Horse-Drawn Public Transport
The Hansom Safety Cab
Often just called a “Hansom”, the Hansom Safety Cab was introduced into the streets of London in the mid 1830s, where it was the main form of taxicab for the next roughly 100 years, until they were finally phased out in the 1920s and 30s with the widespread replacement by motorised taxicabs. The Hansom cab had space for two passengers (three, if you crammed them in good) and the driver. As you can see from the photo above, the driver sat at the back of the cab, instead of the front. His higher vantage point at the back of the cab gave the driver a clearer view of the road and better control of his vehicle; something that was very important in the congested and traffic-jammed streets of Victorian London.
The Hansom was called the “safety cab” because it could go fast, but it could take corners quickly but without fear of being involved in a rollover accident, due to its low center of gravity. Its high wheels kept the cab off the ground and allowed it to travel very fast. It was light enough that it could be pulled by one horse.
The Hackney Carriage
The Hackney carriage, coach or cab, also called the Four-Wheeler or more rudely, a “Growler”, was the larger of the two horse-drawn taxicabs that operated in the 19th century. The Hackney carriage could carry more passengers than the Hansom due to the larger size of its cabin and number of wheels. As the names suggest, the Hackney coach made a hell of a racket when it moved through the cobbled streets of Europe, earning itself the derrogatory title of the “Growler” due to the sound of the wheels bumping, scraping and grindng along the road.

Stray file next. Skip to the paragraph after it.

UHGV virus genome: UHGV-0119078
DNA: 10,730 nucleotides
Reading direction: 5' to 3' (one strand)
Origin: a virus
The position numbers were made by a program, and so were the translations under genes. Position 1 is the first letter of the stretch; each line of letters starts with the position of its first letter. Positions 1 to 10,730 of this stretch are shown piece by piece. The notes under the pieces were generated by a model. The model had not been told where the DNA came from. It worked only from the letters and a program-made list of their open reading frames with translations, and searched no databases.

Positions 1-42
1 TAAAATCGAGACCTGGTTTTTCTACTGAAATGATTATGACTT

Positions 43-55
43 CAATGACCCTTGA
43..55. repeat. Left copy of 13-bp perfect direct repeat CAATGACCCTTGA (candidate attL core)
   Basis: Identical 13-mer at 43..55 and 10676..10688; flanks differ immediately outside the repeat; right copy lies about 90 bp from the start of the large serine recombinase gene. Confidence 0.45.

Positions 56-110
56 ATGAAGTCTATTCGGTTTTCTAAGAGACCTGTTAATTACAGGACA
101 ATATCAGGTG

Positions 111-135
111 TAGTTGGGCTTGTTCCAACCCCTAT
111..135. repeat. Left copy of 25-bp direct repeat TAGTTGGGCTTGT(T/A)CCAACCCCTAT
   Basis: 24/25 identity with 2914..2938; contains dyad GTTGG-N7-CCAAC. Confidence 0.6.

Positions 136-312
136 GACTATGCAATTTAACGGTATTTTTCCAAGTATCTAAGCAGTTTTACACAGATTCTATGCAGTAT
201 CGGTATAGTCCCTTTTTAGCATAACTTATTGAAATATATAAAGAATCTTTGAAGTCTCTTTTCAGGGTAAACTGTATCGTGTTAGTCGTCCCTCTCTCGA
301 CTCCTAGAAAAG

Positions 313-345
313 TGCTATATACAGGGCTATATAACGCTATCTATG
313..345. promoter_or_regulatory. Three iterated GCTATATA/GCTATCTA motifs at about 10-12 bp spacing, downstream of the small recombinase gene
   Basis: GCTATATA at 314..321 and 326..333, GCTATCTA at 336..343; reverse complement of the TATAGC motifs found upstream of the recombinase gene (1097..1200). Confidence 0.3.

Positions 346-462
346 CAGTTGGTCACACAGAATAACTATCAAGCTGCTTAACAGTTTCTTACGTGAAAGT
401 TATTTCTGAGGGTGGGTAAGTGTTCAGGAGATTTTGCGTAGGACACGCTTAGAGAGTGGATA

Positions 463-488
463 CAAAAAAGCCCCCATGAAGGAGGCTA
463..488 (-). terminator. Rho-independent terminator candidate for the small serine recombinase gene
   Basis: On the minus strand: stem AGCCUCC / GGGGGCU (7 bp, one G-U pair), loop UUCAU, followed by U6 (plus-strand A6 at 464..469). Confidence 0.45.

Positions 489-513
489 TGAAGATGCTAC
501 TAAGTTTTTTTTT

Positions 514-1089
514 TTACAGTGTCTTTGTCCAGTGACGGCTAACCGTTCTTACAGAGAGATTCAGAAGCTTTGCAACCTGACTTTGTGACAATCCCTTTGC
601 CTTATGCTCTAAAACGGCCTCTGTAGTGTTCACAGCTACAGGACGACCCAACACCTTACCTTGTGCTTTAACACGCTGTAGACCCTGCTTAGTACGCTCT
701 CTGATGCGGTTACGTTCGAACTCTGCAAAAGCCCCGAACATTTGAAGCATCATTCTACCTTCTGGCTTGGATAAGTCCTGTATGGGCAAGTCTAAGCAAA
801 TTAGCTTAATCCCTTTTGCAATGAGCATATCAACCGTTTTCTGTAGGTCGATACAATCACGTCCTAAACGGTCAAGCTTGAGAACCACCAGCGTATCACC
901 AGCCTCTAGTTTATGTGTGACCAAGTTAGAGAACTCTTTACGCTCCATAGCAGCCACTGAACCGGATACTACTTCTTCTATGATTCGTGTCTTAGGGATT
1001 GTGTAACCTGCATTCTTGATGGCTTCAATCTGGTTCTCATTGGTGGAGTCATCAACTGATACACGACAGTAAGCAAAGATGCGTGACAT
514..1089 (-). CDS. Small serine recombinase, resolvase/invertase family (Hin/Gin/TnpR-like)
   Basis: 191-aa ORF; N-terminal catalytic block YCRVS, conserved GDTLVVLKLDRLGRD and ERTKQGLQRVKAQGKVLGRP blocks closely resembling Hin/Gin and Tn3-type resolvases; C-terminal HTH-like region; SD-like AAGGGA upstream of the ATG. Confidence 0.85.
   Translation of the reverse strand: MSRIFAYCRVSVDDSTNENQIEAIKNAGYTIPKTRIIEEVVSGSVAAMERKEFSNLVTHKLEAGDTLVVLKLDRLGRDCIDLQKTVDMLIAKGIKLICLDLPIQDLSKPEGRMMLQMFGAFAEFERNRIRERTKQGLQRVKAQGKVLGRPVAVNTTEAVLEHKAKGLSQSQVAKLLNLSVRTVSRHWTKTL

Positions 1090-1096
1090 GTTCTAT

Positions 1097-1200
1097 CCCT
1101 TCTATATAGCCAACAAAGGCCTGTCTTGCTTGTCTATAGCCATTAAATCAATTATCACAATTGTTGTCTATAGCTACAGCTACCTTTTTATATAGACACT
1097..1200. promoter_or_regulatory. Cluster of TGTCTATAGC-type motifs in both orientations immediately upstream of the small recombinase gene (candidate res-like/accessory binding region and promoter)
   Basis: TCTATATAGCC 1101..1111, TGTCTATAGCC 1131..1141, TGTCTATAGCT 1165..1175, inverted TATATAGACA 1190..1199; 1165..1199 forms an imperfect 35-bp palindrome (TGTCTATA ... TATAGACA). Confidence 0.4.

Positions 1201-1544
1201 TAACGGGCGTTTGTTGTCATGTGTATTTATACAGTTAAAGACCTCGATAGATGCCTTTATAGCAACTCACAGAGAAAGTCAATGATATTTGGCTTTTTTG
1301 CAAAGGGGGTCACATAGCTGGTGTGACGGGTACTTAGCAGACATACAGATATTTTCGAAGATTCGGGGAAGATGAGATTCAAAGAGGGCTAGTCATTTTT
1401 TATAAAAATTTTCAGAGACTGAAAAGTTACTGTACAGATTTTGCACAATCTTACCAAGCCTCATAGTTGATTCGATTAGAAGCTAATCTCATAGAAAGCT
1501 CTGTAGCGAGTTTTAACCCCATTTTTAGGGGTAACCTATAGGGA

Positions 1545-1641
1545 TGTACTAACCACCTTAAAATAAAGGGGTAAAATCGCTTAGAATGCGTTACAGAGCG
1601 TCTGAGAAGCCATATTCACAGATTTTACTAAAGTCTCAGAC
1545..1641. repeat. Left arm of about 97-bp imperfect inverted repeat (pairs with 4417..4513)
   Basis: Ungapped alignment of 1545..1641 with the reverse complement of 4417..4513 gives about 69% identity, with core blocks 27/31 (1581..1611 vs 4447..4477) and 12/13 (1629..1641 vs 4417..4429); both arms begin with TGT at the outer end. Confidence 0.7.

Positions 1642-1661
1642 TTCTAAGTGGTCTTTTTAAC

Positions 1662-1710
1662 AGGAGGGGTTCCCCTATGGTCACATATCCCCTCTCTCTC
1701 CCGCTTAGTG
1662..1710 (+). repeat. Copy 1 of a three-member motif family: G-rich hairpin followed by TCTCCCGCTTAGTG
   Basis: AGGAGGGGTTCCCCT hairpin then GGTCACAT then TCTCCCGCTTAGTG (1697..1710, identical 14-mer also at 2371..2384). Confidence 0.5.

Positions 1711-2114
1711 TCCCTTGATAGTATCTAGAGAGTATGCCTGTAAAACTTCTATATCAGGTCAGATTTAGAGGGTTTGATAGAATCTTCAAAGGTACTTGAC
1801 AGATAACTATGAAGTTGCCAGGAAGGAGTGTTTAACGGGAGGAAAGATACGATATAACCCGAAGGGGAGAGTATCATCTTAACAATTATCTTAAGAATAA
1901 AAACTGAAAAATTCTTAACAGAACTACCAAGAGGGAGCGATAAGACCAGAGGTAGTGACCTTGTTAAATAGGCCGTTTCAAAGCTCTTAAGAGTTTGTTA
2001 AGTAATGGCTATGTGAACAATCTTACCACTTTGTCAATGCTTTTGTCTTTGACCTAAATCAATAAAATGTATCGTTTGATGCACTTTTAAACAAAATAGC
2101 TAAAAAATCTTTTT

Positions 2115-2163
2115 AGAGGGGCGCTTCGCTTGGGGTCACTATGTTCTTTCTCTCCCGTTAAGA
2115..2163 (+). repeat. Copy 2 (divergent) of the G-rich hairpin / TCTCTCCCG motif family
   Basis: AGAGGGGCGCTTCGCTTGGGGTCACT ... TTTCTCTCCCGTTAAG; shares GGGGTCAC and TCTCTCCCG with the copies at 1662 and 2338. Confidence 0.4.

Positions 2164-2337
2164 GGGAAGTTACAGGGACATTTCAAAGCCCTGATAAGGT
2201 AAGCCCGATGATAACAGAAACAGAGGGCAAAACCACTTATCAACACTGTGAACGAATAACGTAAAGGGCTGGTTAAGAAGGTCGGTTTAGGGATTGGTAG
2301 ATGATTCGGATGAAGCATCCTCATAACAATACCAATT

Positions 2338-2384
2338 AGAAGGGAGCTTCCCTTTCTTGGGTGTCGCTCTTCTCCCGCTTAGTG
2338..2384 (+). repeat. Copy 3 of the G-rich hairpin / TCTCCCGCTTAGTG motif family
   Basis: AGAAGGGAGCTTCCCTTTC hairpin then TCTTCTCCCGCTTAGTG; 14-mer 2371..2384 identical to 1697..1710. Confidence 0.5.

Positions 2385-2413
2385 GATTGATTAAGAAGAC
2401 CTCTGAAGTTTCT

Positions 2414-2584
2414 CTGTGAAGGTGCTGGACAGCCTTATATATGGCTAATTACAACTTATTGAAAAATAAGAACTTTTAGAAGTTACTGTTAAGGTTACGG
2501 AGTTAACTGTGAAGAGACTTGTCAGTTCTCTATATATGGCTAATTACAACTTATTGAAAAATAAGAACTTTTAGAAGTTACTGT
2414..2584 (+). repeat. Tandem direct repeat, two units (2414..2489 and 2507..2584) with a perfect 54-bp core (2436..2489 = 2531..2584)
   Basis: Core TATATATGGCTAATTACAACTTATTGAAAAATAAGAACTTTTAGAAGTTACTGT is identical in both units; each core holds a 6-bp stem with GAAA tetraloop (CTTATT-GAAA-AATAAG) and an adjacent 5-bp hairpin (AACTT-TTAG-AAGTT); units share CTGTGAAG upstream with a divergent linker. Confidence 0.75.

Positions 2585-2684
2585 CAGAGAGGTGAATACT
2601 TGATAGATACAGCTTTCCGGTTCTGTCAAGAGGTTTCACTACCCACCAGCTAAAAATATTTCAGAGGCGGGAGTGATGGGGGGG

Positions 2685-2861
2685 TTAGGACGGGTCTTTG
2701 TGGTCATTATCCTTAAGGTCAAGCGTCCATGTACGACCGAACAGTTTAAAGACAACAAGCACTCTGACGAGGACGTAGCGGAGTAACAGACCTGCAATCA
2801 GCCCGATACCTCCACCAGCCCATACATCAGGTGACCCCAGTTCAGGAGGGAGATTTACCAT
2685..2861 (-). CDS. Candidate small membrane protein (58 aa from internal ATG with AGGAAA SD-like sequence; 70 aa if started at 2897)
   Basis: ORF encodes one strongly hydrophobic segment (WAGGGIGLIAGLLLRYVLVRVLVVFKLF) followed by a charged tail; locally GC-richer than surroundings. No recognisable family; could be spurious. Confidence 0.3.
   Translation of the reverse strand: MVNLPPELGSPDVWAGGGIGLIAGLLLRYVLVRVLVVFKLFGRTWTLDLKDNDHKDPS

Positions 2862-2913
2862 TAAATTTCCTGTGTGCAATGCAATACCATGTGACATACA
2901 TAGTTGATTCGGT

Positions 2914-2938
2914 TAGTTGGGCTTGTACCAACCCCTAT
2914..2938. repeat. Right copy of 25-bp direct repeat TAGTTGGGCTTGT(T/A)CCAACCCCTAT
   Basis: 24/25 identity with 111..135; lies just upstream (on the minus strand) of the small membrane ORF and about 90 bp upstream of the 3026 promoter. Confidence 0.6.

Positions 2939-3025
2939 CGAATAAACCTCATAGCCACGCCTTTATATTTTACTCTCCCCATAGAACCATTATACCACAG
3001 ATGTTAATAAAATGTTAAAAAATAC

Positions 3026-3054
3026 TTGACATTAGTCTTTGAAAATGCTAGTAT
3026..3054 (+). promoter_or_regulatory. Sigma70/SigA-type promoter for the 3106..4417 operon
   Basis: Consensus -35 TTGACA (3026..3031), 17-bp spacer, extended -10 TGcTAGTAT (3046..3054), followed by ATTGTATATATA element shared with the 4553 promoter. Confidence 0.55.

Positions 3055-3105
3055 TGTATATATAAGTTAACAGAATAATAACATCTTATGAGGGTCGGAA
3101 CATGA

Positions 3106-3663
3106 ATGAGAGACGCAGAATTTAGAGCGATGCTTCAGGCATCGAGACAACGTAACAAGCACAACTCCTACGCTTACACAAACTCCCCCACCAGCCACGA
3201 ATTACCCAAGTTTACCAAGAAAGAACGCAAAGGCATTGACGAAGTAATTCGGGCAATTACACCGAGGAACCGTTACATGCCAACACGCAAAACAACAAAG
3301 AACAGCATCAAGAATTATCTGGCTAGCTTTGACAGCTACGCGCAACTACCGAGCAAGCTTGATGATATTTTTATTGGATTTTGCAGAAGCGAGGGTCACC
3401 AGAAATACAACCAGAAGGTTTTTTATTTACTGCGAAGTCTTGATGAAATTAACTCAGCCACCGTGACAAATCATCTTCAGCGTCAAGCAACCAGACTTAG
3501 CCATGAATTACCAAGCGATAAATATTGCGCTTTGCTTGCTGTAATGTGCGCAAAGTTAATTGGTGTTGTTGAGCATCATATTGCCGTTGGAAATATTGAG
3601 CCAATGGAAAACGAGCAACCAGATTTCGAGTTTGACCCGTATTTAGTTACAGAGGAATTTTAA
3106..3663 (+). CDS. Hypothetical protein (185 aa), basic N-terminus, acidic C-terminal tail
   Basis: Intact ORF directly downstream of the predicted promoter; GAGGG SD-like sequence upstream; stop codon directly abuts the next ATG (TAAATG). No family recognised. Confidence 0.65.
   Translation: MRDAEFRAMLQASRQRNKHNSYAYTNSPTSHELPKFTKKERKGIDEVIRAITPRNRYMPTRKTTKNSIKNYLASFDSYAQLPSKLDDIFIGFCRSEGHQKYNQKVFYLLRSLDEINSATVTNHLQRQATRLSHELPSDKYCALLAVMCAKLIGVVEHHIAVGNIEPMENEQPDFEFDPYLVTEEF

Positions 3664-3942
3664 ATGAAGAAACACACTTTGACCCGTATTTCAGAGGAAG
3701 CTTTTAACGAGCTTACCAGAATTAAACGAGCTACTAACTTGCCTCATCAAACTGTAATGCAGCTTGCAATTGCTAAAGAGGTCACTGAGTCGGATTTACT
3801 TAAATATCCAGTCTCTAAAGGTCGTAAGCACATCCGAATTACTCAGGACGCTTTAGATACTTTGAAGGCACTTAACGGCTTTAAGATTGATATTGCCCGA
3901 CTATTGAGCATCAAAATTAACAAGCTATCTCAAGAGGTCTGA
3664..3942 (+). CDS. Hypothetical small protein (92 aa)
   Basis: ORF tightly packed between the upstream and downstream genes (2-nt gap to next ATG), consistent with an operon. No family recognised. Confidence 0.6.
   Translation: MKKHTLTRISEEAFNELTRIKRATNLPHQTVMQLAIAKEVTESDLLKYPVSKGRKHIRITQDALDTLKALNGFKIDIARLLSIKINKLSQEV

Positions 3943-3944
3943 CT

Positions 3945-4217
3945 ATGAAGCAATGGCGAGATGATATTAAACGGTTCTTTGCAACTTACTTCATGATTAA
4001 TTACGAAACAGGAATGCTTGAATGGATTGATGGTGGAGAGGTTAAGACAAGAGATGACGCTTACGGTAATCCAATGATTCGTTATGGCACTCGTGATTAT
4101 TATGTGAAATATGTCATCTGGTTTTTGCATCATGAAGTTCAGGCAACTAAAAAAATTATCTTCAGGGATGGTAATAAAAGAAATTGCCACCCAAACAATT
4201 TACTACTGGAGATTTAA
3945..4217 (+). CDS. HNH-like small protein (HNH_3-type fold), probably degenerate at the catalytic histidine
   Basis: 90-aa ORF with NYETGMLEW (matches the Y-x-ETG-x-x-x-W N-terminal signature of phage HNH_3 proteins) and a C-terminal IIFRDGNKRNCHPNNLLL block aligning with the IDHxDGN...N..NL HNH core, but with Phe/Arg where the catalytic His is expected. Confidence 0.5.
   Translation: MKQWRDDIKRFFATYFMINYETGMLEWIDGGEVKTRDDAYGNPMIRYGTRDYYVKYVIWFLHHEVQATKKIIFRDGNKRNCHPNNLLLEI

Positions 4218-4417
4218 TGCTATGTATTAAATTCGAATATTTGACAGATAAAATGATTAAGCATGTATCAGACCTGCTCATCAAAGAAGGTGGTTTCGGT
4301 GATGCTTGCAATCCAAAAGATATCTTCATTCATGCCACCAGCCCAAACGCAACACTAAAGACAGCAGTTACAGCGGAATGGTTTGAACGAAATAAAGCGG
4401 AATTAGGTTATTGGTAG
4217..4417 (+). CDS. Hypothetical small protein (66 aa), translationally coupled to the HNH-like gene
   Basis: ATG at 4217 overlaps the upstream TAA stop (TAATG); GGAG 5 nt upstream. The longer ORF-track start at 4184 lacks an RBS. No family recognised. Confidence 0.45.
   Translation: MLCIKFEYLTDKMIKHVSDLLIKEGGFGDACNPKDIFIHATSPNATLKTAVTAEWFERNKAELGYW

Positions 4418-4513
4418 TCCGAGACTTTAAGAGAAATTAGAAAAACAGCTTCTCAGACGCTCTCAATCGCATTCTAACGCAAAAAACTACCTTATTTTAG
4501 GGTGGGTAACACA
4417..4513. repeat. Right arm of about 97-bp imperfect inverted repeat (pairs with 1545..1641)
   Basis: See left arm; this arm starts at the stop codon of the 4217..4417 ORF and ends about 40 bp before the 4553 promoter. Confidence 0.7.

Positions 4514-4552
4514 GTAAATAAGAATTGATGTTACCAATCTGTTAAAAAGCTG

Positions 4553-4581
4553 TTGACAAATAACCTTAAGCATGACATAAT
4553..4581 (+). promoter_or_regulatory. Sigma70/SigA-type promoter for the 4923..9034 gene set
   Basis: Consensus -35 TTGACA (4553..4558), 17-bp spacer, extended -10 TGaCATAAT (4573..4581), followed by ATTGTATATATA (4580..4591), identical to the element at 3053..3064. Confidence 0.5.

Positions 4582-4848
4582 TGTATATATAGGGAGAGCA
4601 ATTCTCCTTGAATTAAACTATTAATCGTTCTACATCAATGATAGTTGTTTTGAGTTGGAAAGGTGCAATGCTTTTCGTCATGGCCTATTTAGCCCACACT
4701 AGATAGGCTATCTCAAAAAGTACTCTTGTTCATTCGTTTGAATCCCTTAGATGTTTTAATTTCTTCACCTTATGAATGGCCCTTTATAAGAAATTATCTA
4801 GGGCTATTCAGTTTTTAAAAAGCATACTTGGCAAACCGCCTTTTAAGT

“Omnibus” is a Latin word meaning “For all”. These buses (yes, that’s what they are, horse-drawn buses!) were popular from the early 19th century until the early 20th century, when the first motorised buses took their place. Horse-drawn omnibuses were either one or two-decker buses pulled by a pair of horses along fixed omnibus lines within crowded cities, and they were an effective way to move large numbers of people quickly around a city along a predetermined and fixed route.